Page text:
Tag Archives: roasted vegetables

The great scape

3 Jul

If you are the type found loitering at outdoor farmers markets this time of year, or perhaps wandering the righteous aisles of locally bent organic produce shops, then it is impossible that you have not been seeing a ton of these beauties lately.

Imfrigginpossible!

Of course, they won’t be attached to the plant, as here in the field.

Rather, they will look like so, chopped from the mother ship for the purpose of both utility and pleasure.

We’re talking garlic scapes here, an above-the-ground part of the garlic plant that rises in early summer. Scapes are removed so that the garlic bulb (or head, as we say in the meatball trade) can develop more fully.

I’m not going to name names here, but there are people, good and decent ones even, who toss their garlic scapes in the compost pile, or even into the trash. I have had a good long talk with several of these muttonheads over the years. In all cases I have been assured that such behavior would be halted going forward.

Last fall I myself planted one hell of a lot of garlic for this year’s crop. (Here’s the link with instructions, if you’re interested.) And so the garden is overrun with scapes. I’ve harvested all of them (an entire crisper drawer in the fridge is filled with scapes) and will likely have many a fine meal resulting from their use. (Here’s a pasta dish recipe where I used scapes instead of garlic cloves, for example.)

However, my favorite way to enjoy garlic scapes doesn’t require a recipe at all.

Just throw a bunch of them in a roasting dish, season with salt and pepper, and douse with a good olive oil. Toss into a 350 degree oven for around 45 minutes, stirring occasionally to keep moistened by the oil.

And you’ve got yourself one very respectable side dish.

Well worth loitering at your local farmers market right now while the scapes are around.

How to roast peppers

1 Jul

I go through a lot of these things, especially in the summer. Far more sweet peppers get run through the outdoor gas grill than anything else I can think of.  And practically every one of them is whole roasted.

This won’t take but a minute, I promise.

All you do is fire up the grill and bring the temperature to around 400 degrees F or so. Then lay the peppers down and close the cover; flip them a couple times so that they cook evenly. (This works just as well in an indoor oven, but use a pan for the peppers to catch any moisture that leaks out.)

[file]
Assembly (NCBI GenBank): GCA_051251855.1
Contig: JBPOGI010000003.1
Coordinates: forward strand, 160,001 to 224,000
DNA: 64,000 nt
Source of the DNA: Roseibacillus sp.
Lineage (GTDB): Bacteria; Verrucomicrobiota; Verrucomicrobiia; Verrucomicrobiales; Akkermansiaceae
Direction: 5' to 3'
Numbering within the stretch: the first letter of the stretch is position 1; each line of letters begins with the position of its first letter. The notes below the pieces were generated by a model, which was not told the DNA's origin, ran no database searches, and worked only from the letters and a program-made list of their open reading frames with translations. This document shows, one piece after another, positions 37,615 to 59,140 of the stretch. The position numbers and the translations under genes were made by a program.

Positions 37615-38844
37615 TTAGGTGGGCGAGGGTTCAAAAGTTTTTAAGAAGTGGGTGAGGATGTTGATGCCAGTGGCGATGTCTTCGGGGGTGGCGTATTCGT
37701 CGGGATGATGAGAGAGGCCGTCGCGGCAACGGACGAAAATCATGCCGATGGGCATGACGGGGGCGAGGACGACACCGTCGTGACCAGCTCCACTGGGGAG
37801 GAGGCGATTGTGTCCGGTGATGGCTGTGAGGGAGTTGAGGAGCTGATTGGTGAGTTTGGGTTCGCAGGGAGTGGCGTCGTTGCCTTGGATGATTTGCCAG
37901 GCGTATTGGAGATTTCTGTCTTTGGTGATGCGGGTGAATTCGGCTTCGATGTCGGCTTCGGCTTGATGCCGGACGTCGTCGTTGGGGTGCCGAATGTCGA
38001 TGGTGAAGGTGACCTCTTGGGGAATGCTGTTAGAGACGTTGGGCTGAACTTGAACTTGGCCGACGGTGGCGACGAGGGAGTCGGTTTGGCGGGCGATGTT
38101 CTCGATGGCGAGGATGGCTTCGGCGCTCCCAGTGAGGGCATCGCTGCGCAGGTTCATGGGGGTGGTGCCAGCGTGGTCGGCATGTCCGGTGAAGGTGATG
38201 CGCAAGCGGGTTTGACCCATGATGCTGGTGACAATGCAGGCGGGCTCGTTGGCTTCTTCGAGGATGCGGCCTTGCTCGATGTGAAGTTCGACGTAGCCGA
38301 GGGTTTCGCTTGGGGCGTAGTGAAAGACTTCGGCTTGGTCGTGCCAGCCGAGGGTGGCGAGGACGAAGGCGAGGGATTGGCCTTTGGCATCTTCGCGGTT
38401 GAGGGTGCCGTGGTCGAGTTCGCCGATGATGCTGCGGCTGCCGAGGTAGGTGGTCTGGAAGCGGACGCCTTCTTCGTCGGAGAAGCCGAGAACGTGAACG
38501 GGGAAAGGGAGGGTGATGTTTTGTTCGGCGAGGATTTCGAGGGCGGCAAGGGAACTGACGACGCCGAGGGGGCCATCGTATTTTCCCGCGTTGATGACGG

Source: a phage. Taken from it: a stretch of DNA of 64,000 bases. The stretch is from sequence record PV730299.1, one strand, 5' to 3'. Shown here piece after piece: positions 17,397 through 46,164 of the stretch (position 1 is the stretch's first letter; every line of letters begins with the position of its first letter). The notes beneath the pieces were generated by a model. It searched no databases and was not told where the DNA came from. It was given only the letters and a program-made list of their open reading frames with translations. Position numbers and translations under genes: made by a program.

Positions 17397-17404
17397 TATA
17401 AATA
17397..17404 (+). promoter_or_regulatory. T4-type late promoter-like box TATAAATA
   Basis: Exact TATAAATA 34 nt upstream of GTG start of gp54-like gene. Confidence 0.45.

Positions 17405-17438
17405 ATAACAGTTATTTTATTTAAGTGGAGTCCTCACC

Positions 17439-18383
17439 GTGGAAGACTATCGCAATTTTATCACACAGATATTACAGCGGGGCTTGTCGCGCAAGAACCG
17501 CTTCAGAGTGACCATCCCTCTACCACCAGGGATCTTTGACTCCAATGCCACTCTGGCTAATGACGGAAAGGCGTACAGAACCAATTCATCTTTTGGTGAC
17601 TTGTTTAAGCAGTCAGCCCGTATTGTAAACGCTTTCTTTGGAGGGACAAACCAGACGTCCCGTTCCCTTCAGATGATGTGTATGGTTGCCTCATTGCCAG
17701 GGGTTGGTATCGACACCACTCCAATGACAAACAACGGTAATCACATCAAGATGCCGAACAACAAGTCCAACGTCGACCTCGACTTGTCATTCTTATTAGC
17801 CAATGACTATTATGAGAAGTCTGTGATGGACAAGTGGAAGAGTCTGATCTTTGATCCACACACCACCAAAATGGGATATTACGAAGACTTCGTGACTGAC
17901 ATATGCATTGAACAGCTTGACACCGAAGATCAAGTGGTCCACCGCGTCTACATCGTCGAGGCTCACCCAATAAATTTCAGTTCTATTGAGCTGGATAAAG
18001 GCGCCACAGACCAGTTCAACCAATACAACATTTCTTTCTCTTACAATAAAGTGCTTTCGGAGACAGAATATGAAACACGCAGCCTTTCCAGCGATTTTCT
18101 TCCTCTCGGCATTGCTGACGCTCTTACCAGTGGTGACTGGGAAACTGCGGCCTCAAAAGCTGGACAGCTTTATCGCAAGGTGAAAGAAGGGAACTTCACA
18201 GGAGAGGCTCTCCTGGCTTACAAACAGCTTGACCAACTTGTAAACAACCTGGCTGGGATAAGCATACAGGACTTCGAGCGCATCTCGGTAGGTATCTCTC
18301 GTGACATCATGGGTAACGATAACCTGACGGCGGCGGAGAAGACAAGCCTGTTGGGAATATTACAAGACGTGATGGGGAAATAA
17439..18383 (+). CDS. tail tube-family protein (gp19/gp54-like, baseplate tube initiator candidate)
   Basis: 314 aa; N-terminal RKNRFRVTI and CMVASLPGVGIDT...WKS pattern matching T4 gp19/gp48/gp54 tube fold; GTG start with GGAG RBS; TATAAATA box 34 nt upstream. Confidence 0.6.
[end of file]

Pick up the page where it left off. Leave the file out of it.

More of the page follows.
Once they’re cooked toss the peppers into a brown paper bag and roll the top of the bag closed. This helps the skins to separate and peel off more easily.

Leave the peppers in the bag until they cool to room temperature, then peel them, remove the inner seeds and slice into whichever size pieces you prefer.

Toss the peppers with some garlic and extra virgin olive oil, then season with salt, pepper, and any herbs you might like. (Many people use vinegar as well, but I don’t.)

And there you go. You can eat them right away or they’ll keep for a while in the fridge.

Around here they don’t last more than a day or two, and so pretty soon it’s back to the grill for another round.

Roasted eggplant parm

11 Jan

WE’RE NOW ON FACEBOOK. Please see box at right.

I grew up in a place where eggplant was breaded and fried.
And it was good.
But while preparing an eggplant parmigiana for some house guests over the holidays, I did not crack an egg or touch a single crumb of bread.
This was also good.
Behold, the best roasted eggplant parm I have ever made. (With apologies to certain members of la famiglia; you know who you are.)
Preheat the oven to 400 F. Peel the eggplant (or not; I go both ways on this) and cut slices that are at least 1/4-inch thick (I go thicker than that even). Then it’s onto a baking sheet with a good dose of Kosher salt, ground black pepper and olive oil.
Roast until nicely browned. (I flipped the slices once so that both sides could char a bit.)
Make a simple sauce. This one’s got olive oil, garlic, hot pepper, a couple anchovy fillets (yes, anchovies), a handful of basil and some San Marzanos. And it only cooked for about half an hour.
Layer it all up, with fresh mozzarella and grated Parmigiano-Reggiano.
Bake in the oven at 375 F for around 45 minutes and that’s that.
I like my eggplant parm at room temperature, so it always sits quite a bit before I’ll dig in.
On this particular occasion, a couple of house guests tried to stage a premature and completely unauthorized taste while it was still hot. These efforts, I’m happy to report, were thwarted.
As for the guests, let’s just say they won’t be trying that again anytime soon. Capeesh?

Swordfish quickie

15 Jun

I was minding my own business last night, blogging the furthest thing from my mind (imagine that!), when all of a sudden a pretty good concoction winds up on my dinner plate.

Naturally, I had to share.
Simple stuff here, folks. Took a nice piece of swordfish, rubbed it with extra virgin olive oil, a little salt and pepper, then coated it with cornmeal and shoved it in the oven.
On the side is a combination of roasted vegetables I do a lot: cabbage, carrots, red onion, garlic (of course) and some hot pepper.
That’s it.
Beautiful day here in Maine and so me and the Gootz are off on a ride.
Buona giornata!